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Are Rolls-Royce shares now too expensive to buy at 208p?

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Rolls-Royce (LSE: RR) shares just keep on climbing. They’re up 40% in the last week, 90% over six months, and 140% over one year.

I’m happy to say that I bought shares in the FTSE 100 aircraft engine maker right at the start of their blistering recovery on 1 November for around 81p. Today, the share price stands at 208p.

I’m up 155% which is absolutely brilliant… but for one thing. I was low on funds at the time, and bought a smaller-than-usual stake.

Today, I have more money at my disposal after transferring three legacy pensions into a self-invested personal pension (SIPP). But is Rolls-Royce now too costly?

A real high roller

I much prefer buying shares when they are down in the doldrums rather than flying high. This makes me wary. Especially since I want to up my stake considerably and could easily wipe out my gains so far if the stock retreats from here.

The speed of the Rolls-Royce recovery has taken everybody by surprise, including me and new CEO Turfan Erginbilgic. Its share price was highly volatile during the pandemic, as bargain seekers and profit takers fought it out.

Recent acceleration is built on stronger foundations, following the recent 31% jump in first-half underlying revenues to £6.95bn.

Full-year profits have been upgraded to between £1.2bn and £1.4bn (up from a range of £800m-£1bn) and cash flows are set to rise sharply too.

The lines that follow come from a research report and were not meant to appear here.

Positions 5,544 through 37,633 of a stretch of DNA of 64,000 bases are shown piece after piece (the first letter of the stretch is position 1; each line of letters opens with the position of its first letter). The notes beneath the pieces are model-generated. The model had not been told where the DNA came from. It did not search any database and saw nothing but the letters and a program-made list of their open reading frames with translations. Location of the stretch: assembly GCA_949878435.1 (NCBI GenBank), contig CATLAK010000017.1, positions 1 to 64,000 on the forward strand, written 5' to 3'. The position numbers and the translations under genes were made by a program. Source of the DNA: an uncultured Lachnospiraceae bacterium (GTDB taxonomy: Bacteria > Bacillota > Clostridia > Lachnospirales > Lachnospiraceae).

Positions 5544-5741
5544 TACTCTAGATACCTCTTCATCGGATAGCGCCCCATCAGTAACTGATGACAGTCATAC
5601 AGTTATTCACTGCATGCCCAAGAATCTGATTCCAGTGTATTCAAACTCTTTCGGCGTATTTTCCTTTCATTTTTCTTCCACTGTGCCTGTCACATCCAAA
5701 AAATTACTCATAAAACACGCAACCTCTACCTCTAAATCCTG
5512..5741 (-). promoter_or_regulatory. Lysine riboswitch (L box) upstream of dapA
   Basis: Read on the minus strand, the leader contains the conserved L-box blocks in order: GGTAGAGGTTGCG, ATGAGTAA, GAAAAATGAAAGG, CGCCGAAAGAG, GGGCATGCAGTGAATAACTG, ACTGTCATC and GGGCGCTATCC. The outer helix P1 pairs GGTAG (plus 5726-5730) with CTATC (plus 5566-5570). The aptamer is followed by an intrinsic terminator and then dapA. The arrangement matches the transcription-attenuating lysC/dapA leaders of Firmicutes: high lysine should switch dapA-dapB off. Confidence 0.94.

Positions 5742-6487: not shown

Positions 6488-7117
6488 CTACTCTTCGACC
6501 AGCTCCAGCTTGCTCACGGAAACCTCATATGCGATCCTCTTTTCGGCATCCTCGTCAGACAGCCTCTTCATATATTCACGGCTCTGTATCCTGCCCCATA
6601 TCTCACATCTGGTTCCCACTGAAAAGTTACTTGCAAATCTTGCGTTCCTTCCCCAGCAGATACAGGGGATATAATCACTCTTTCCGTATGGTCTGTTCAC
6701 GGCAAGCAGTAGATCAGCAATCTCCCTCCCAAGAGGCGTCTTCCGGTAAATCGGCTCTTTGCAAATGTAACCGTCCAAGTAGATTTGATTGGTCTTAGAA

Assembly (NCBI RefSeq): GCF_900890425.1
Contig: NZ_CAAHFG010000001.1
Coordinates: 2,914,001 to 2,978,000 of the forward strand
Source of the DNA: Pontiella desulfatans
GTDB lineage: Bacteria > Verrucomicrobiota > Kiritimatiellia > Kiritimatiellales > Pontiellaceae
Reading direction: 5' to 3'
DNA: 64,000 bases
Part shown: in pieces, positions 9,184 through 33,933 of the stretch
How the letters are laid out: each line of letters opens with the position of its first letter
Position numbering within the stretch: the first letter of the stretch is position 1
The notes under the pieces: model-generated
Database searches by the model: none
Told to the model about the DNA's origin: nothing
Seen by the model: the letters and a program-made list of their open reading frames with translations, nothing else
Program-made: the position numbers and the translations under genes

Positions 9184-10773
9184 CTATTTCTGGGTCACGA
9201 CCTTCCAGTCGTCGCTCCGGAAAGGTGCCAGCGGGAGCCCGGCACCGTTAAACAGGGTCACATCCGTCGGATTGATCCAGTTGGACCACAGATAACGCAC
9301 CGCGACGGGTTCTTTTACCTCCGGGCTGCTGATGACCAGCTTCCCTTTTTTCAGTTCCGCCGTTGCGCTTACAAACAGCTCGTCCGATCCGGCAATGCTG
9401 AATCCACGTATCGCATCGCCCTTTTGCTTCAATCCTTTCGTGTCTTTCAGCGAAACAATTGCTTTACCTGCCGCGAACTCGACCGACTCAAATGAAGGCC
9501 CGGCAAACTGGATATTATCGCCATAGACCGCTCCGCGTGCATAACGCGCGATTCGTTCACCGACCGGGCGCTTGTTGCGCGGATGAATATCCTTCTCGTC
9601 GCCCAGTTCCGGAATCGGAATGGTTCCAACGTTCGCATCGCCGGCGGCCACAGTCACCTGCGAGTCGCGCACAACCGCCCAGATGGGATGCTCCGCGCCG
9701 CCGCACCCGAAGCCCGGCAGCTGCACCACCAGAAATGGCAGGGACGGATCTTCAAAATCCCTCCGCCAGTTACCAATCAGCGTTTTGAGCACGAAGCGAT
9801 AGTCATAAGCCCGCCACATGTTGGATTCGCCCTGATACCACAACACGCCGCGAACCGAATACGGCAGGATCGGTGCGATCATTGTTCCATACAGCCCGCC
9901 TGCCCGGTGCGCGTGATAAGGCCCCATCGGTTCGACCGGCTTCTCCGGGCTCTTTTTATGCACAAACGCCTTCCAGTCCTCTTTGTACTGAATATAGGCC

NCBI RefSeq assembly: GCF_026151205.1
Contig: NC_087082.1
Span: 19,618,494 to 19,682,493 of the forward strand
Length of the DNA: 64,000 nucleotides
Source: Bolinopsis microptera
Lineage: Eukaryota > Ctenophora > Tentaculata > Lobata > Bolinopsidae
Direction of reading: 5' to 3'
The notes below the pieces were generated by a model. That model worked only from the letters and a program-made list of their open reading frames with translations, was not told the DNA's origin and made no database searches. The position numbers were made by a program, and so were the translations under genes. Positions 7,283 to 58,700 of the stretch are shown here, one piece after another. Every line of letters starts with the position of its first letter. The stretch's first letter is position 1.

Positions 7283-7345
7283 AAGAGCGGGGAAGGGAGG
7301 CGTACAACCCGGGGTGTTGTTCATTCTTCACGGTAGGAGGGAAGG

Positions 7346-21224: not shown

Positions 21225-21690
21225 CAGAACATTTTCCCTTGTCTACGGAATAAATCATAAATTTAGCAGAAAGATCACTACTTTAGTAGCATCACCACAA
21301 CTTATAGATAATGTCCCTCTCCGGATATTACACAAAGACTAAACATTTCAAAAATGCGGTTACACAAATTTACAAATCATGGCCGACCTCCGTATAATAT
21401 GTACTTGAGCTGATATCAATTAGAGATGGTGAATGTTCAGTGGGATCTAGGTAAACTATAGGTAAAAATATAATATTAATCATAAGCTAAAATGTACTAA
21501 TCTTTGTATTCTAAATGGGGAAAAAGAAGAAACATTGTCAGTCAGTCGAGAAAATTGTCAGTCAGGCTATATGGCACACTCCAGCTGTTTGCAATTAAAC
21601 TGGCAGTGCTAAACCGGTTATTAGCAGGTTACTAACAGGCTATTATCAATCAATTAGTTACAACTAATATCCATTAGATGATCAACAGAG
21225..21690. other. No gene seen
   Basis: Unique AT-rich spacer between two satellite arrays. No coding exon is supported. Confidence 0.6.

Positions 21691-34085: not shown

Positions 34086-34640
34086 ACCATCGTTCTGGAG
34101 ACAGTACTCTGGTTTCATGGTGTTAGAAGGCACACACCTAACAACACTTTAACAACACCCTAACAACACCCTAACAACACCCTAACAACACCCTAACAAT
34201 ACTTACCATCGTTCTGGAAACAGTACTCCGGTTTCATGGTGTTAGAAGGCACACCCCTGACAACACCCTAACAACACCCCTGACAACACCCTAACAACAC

This is down to a number of factors, including the recovery in airline miles flown, new contract wins, a strong performance by its Defence and Power Systems operations, and cost-saving measures implemented during the dark days.

Rolls-Royce also has a new product to excite investors, in the shape of its planned fleet of £2bn mini-nuclear reactors. It’s reminding investors that this could still be a great British engineering company.

In 2022, Rolls-Royce posted net revenues of £13.25bn. Markets now expect that to top £14.4bn in 2023 and £15.4bn in 2024. Investors may even enjoy a dividend next year, although this will start from a low base with an initial yield of 0.63% forecast.

The debt doesn’t worry me

That all looks promising for a stock currently trading at just 18.7 times forecast earnings for 2023. But has Rolls-Royce been overbought?

One longstanding concern is debt. Rolls-Royce still owes £2.8bn, which will make it harder to invest in product development. I’m not too worried though. The figure in 2021 was £5.2bn. Last year, it was £3.3bn. Net debt is heading in the right direction, thanks to disposals and improved cash flows.

Rolls-Royce has plenty of tailwinds but my big concern is that these are priced in. Expectations are now sky-high and if it falls short, sentiment could shift. Finally, sod’s law also makes me hesitate. If I pile in now, the stock is bound to fall, isn’t it?

Yet I have one strong argument in favour. If I buy Rolls-Royce today, it would be with the aim of holding for 10 years and ideally much longer. With luck, today’s share price 208p will look cheap one day. I think I’ll take a chance and buy it this month.

The post Are Rolls-Royce shares now too expensive to buy at 208p? appeared first on The Motley Fool UK.

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Harvey Jones has positions in Rolls-Royce Plc. The Motley Fool UK has no position in any of the shares mentioned. Views expressed on the companies mentioned in this article are those of the writer and therefore may differ from the official recommendations we make in our subscription services such as Share Advisor, Hidden Winners and Pro. Here at The Motley Fool we believe that considering a diverse range of insights makes us better investors.